Plans for a new multi-million pound road tunnel beneath the Thames have been updated to boost capacity.
The whole route of the Lower Thames Crossing will be a three-lane dual carriageway rather than two lanes in some sections, according to the latest designs.
This will result in a 90% increase in capacity for traffic crossing the Thames east of London, compared with around 60%-70% under the previous two-lane plan, Highways England said.
The government-owned company will launch a 10-week public consultation on the latest designs on Wednesday.
The scheme’s budget has risen to a range of £5.3 billion to £6.8 billion due to more detailed design work and ground investigations. A previous estimate put the range at £4.4 billion to £6.2 billion.
Other changes in the latest designs include:
– A new rest and service area to the west of East Tilbury
– Removal of the proposed Tilbury link road to reduce traffic on the local road network
– Lowering the road by up to six metres in places to reduce its visual impact
The 14.5 mile route is expected to open in 2025 and will connect the M2 near Rochester in Kent and the M25 in Essex between North and South Ockenden.
It will include a 2.4 mile tunnel, which would be the UK’s longest road tunnel.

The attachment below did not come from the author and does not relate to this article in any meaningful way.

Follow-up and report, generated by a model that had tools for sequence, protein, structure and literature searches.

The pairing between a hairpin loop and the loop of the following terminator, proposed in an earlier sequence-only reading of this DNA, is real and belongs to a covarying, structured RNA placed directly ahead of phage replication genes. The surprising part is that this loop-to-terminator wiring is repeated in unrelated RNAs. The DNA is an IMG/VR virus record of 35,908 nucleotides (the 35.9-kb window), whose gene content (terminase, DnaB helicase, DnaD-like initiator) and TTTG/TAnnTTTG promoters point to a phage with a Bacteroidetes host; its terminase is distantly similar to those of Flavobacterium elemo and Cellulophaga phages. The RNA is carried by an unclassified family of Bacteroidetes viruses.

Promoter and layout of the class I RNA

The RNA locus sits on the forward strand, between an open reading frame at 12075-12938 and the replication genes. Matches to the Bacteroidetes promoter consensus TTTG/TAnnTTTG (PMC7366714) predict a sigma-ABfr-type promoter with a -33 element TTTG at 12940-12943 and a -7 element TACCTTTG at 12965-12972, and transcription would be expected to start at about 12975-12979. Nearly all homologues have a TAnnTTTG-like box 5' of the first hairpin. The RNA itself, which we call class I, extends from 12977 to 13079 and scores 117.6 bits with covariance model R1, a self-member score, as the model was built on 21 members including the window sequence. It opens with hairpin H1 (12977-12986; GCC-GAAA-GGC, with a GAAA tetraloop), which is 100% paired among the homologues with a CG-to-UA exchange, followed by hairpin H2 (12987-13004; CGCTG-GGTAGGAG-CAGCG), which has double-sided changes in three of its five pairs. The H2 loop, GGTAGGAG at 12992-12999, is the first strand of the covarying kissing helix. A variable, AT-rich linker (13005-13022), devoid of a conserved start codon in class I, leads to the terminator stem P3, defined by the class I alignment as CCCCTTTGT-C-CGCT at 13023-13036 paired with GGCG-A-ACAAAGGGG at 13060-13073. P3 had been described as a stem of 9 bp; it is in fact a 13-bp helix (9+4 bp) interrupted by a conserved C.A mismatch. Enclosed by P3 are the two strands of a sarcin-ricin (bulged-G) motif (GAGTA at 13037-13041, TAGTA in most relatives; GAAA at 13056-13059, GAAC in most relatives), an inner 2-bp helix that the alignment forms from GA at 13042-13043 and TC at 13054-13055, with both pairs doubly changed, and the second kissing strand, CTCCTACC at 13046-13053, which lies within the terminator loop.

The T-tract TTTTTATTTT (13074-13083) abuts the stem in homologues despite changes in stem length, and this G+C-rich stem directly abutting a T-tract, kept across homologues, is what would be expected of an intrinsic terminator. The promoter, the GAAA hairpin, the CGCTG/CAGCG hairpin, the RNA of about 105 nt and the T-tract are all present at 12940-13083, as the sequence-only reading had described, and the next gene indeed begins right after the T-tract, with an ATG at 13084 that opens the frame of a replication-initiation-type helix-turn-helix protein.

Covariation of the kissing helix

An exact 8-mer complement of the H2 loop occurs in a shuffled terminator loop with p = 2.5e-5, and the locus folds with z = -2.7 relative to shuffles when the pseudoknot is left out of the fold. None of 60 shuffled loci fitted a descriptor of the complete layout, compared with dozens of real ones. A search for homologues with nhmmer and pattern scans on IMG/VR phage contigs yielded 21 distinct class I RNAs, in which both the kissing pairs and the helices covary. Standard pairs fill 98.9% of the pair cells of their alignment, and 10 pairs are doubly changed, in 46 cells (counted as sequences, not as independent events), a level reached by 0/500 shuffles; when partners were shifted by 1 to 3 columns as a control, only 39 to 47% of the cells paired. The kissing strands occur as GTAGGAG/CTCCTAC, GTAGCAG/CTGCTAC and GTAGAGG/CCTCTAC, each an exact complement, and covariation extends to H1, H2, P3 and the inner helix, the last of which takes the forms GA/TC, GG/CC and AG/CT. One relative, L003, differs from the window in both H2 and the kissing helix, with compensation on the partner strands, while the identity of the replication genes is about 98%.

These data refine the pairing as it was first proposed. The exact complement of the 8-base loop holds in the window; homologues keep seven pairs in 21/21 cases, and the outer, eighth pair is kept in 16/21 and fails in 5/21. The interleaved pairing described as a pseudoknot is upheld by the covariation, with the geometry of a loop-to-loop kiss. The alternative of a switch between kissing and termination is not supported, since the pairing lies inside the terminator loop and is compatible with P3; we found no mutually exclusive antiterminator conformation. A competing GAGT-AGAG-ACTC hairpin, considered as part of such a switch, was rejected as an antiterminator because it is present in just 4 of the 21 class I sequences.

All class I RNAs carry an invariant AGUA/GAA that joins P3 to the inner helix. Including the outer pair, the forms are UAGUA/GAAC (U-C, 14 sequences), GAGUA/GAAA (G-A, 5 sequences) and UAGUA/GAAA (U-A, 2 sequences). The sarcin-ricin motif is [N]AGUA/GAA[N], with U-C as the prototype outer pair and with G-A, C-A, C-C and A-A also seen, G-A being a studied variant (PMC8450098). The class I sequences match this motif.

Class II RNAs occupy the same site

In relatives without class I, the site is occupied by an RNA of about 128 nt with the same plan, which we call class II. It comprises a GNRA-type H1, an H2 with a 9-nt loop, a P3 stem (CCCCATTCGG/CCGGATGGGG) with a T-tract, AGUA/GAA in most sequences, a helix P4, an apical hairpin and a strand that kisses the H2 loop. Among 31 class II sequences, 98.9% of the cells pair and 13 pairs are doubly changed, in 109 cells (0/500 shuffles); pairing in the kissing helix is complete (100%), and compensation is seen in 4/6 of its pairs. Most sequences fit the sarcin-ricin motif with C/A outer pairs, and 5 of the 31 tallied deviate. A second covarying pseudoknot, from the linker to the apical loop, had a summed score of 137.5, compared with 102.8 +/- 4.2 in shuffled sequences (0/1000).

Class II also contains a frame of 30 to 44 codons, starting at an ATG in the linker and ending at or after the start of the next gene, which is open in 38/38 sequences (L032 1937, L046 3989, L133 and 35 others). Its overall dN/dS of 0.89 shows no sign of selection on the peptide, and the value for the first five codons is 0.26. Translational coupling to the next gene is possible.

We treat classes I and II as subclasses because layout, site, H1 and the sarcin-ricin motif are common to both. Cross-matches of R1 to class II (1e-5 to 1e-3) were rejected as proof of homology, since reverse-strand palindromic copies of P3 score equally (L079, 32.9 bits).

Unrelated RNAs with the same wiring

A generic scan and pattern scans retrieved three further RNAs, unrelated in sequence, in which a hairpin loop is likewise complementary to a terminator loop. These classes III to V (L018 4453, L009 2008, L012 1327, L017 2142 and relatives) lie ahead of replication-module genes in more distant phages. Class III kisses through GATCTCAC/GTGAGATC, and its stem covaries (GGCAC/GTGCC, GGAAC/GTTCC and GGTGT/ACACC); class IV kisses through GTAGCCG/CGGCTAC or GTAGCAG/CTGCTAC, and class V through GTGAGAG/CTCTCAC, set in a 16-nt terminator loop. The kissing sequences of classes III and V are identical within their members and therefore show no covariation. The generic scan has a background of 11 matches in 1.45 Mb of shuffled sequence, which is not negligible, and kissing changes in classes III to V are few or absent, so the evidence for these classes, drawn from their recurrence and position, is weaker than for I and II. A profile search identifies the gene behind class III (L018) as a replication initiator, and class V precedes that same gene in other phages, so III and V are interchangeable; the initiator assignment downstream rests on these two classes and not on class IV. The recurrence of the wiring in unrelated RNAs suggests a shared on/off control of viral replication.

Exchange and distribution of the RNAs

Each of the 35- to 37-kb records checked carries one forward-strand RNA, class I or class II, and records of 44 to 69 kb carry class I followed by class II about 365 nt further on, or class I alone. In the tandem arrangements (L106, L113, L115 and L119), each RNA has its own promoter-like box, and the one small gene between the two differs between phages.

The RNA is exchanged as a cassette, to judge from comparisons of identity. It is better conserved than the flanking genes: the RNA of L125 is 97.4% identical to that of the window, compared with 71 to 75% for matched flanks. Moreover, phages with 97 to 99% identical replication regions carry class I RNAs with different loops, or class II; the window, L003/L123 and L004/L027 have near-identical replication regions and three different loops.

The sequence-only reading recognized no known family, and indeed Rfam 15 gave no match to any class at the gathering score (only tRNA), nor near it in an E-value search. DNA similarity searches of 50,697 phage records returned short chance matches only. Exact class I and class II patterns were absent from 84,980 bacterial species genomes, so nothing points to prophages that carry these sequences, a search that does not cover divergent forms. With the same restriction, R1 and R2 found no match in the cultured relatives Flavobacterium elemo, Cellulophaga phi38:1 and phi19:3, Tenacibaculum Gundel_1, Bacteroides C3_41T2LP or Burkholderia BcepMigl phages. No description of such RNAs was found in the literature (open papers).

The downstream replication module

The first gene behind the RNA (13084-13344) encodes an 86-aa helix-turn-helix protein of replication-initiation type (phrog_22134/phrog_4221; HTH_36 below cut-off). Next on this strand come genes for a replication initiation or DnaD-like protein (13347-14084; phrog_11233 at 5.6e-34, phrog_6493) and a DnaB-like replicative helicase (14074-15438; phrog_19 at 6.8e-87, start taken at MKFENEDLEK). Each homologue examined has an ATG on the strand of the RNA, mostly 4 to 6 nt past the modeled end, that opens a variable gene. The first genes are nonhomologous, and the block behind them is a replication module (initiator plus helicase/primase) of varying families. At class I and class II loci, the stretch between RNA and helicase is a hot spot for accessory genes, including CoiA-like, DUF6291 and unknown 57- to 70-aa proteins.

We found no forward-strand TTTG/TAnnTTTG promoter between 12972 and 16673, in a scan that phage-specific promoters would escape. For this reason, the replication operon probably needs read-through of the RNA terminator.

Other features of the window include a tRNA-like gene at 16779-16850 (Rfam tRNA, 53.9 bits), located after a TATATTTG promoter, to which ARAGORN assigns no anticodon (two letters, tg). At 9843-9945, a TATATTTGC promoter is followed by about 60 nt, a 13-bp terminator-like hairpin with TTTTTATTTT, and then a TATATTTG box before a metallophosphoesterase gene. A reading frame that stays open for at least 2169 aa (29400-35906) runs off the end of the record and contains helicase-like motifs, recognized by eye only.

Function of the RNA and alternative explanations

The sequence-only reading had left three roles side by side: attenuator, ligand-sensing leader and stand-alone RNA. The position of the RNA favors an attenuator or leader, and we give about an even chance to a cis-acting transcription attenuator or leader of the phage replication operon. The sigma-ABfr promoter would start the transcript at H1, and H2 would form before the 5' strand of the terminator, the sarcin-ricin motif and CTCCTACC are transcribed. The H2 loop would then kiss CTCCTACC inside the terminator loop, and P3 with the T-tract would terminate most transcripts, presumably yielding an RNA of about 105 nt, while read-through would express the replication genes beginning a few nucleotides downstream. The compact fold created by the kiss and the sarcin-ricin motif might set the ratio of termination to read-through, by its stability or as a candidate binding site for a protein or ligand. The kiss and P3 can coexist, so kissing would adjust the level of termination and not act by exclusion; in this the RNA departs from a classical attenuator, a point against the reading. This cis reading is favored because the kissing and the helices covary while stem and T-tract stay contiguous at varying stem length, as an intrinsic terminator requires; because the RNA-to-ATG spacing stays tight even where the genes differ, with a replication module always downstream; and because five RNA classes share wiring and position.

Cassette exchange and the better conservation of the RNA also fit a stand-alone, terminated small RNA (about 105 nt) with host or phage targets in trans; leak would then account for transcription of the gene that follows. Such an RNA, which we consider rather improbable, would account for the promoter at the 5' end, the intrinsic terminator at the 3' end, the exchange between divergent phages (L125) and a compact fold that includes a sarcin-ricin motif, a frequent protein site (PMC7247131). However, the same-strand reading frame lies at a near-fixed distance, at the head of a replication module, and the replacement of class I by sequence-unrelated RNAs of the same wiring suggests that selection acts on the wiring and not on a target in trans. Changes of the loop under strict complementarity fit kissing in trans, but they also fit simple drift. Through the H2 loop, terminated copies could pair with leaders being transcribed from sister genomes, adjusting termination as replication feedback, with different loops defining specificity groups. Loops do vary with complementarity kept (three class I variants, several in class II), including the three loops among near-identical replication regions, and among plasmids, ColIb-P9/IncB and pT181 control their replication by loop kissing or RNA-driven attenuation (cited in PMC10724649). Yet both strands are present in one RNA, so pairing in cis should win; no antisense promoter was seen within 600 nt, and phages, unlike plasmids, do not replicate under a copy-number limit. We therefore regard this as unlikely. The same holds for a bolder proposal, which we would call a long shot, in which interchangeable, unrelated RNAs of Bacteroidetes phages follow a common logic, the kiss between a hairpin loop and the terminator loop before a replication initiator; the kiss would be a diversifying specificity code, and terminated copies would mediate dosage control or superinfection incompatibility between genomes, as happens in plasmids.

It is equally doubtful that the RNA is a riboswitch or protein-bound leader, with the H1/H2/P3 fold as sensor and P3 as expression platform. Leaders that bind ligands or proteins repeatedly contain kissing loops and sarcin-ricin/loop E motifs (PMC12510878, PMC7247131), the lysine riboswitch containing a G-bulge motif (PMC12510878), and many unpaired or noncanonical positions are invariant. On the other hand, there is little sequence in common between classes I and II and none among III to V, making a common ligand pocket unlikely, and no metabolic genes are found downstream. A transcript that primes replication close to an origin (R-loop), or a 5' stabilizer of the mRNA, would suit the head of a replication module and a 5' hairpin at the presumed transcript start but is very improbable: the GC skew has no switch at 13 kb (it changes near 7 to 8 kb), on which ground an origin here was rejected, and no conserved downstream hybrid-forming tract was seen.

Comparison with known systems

This will be the first new crossing of the river east of London since Dartford’s Queen Elizabeth II bridge opened in 1991.
The only existing route for motorists is the Dartford Crossing, which consists of the bridge and two tunnels.
It is used for 50 million journeys annually and is often the scene of frustration for motorists stuck in traffic jams for several hours following accidents.
The new crossing is expected to reduce traffic at Dartford by 22%.
Public transport groups claim ministers should instead focus on improving rail links.
There are also fears that traffic using the new crossing will blight communities with pollution on approach roads.
Transport Secretary Chris Grayling said the crossing will “transform journeys, create new business opportunities in Kent and Essex and unlock productivity across the UK”.
The scheme’s project director, Tim Jones, described it as “the biggest single road upgrade since the M25 was completed more than 30 years ago”.